Savannah cats aren't the only exotic breed. The Exotic Cat Network has a list. Toygers are probably the coolest. They're cats designed to look like miniature tigers. The story of their development makes quite interesting reading.

Credit: Pointer by Terence Spies.

Eu-Jin Goh pointed me to this NYT Article about the growing popularity of Savannah Cats: a cross between an African serval wildcat and domestic house cats (list of breeders here) that is about twice as big as an ordinary domestic housecat:

Savannahs (like many other wild animal crossbreeds) are illegal in a lot of places, but for reasons that aren't entirely clear. There's a fear that they're dangerous (servals, of course, are) though there aren't any known cases of Savannahs attacking people. The following passage gives you some of the flavor of the controversy:

That's not the way State Senator Carl L. Marcellino of Syosset, N.Y., sees it. Mr. Marcellino, the Senate sponsor of the state's exotic pet law, objects to the Savannah cat as something alien to the animal universe.

"Breeders are creating animals for commercial purposes that would never exist in the natural world," he said. "These hybrid species are threats to the environment and potentially to the families who think they are buying a family pet and could be purchasing a wild animal."

The Savannah cat has caused a stir about what makes an acceptable pet even among the largest and best known cat enthusiast groups.

"I'm told they're very loving, but I'm not sure I believe it," said Carol Barbee, the president of the American Cat Fanciers Association, which does not recognize the Savannah in its official registry. "We do not want to support designer breeds for the fad pet market."

Some Savannah owners are fighting for their rights with ammunition from another group, the International Cat Association, which does recognize the Savannah as a breed.

"They are the sweetest most gorgeous things you've ever seen," said Leslie Bowers, the association's business manager. Dr. Carolyn McDaniel, a consultant with the Cornell Feline Health Center, said that while Savannahs are popular across the country, she has noticed that they have become particularly alluring to city dwellers. "It's amazing to me that apartment dwellers are frequently the owners of these large semiwild cats," she said.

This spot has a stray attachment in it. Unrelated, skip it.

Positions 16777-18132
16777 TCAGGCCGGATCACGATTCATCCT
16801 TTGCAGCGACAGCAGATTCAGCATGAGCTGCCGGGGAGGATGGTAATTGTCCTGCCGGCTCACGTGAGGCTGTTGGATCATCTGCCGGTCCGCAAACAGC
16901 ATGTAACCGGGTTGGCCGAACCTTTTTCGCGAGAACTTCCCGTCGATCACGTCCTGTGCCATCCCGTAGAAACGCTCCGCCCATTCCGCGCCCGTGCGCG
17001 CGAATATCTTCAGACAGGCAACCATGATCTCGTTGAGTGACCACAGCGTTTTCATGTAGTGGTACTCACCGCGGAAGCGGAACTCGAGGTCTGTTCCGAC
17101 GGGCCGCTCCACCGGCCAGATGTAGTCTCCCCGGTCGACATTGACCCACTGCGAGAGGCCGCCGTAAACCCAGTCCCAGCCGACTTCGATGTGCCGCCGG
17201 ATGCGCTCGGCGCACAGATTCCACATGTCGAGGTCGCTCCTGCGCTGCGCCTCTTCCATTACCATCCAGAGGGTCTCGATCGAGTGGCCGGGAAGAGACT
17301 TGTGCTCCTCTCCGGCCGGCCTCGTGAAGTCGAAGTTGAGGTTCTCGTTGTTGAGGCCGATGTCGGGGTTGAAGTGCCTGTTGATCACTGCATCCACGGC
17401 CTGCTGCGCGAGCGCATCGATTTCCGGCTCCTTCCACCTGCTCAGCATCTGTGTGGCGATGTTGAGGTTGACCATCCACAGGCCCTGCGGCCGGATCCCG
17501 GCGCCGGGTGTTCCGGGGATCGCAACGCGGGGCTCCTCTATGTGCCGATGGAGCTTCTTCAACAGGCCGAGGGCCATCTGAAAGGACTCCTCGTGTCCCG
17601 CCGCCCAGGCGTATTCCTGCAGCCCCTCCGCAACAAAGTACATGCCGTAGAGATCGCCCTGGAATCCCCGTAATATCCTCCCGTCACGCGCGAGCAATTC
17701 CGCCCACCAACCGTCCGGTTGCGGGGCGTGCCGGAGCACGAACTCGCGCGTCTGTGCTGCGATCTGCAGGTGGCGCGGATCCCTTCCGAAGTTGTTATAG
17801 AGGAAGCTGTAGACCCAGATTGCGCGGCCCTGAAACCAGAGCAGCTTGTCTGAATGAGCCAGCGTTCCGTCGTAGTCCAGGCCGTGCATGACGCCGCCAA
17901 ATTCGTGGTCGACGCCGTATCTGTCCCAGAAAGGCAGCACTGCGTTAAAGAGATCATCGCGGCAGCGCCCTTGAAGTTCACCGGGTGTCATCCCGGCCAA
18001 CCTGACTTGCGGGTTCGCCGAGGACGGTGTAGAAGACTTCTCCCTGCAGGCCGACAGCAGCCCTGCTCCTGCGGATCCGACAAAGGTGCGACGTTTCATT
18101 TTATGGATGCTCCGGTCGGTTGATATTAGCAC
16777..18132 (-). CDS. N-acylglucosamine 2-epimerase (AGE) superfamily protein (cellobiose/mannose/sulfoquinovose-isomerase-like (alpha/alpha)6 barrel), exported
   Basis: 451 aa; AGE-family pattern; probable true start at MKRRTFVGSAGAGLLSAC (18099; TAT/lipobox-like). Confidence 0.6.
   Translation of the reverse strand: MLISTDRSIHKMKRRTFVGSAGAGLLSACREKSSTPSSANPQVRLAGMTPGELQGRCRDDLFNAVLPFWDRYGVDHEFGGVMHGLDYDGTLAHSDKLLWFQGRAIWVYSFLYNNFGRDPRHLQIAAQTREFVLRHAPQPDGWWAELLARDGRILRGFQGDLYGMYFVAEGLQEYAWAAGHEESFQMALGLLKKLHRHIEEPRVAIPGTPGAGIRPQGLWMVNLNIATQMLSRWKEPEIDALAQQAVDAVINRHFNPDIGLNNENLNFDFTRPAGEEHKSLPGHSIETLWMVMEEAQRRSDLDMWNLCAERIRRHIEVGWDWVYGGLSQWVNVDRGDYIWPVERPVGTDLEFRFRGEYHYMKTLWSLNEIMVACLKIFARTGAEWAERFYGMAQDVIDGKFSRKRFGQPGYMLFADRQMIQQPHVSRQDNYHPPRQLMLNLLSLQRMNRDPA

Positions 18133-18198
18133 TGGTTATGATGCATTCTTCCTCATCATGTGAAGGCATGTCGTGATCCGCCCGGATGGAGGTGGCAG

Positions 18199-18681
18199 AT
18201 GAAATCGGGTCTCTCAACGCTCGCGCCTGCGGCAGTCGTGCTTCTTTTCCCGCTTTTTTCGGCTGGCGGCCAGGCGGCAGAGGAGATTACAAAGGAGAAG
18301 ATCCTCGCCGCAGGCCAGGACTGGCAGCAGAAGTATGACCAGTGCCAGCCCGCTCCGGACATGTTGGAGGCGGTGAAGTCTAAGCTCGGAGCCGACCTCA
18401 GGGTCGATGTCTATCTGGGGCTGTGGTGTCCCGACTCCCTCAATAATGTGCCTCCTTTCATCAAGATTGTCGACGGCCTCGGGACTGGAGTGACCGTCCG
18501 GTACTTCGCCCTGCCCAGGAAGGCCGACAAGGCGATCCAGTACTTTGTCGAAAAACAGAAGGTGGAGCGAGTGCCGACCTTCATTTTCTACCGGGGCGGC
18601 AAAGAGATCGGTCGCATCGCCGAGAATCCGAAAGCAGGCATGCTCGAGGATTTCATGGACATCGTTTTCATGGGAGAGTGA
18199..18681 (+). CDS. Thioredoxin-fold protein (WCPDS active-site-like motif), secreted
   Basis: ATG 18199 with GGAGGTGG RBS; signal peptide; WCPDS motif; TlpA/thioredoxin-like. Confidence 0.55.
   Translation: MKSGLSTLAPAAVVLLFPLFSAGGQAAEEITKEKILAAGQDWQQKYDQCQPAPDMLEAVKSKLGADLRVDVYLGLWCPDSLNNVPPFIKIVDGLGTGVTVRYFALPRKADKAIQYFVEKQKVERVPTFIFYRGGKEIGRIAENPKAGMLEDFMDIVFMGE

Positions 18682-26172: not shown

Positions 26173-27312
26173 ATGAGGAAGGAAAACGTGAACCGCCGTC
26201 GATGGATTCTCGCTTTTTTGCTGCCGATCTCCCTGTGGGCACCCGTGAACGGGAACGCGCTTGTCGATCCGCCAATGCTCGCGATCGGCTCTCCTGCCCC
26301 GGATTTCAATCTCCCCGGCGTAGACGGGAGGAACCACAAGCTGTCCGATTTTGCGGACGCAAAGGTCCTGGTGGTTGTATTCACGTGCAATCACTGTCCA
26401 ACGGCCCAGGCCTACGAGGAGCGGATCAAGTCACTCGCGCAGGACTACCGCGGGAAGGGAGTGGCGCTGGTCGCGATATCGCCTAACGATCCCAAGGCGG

"I think they're beautiful," Dr. McDaniel added, but "I'll watch them on the nature channel."

In the face of all this talk about how unnatural Savannahs are, it's easy to forget that modern domestic animals don't really exist in nature either. I don't know too much about the direct ancestors of domestic cats, but dogs, descend from wolves, which you wouldn't want to keep as any kind of pet. Yet, there are plenty of dogs with very sweet dispositions (and of course others which are vicious). This isn't to say that Savannahs aren't dangerous--I've heard some negative things about wolf hybrids, for instance--but that's a question to be answered empirically. The mere fact that they're a hybrid doesn't really tell you much at all.


May 12, 2005

NISCC has published a vulnerability which could allow the disclosure of information in IPsec. The attack works when data is encrypted but not authenticated. The attacker intercepts an encrypted message, damages it,1 and forwards it to the recipient. When the recipient receives the damaged packet, it responds with an ICMP message containing the beginning of the decrypted (but damaged) packet.

This only works under two conditions:

  1. When the IPsec implementation is configured not to encrypt ICMP messages.
  2. When authentication isn't being used.
The key point is the second. When authentication/message integrity is used, the IPsec stack is supposed to discard damaged packets without generating an ICMP message, in order to protect against exactly this kind of attack (this is a classic crypto error).

One of the general rules of thumb in designing communication security protocols is that you should always use authentication when you use encryption. It's not that there is no safe way to use encryption without authentication/integrity, but just that there are a number of ways it can go wrong, so it's better to be safe. IPsec doesn't require you to use authentication/message integrity, but it's recommended practice.

That said, it's not clear how great the impact of this attack is. All IPsec stacks should let you turn on authentication/integrity and in my experience most people do use it. So, I wouldn't expect this to be a big source of disclosure of secret information.

1. Damaging it correctly turns out to be kind of tricky.


May 11, 2005

After reading Nick Weaver's post about export regulations for supercomputer use, you might ask yourself "How does the BXA decide what a supercomputer is, and why are they export controlled anyway?" As I understand the situation, there are certain design processes--chiefly those for advanced nuclear weapons, but also hydrodynamic simulations such as are used for propulsion screws--which require large amounts of computational power. Denying bad guys this kind of computing power makes it more difficult for them to design nukes, propellers, etc.

As computers's get faster, the level of computing power that qualifies a device as a supercomputer keeps going up. Back in 1994, it was 1,500 \ MTOPS (easily achievably by modern desktop computers). Now, it's 190,000 MTOP\ S. This is obviously necessary because otherwise we'd have the situation where Dell couldn't export their standard desktop machines. But here's the problem with this: just because computers are getting faster doesn't mean that the problems that we're trying to prevent bad guys from solving are getting any harder; the fact that a machine which was suitable for designing nukes in 1996 is now obsolete doesn't make it substantially less usable for designing nukes today. So, what are the important defense applications that require greater than 190,000 MTOPS?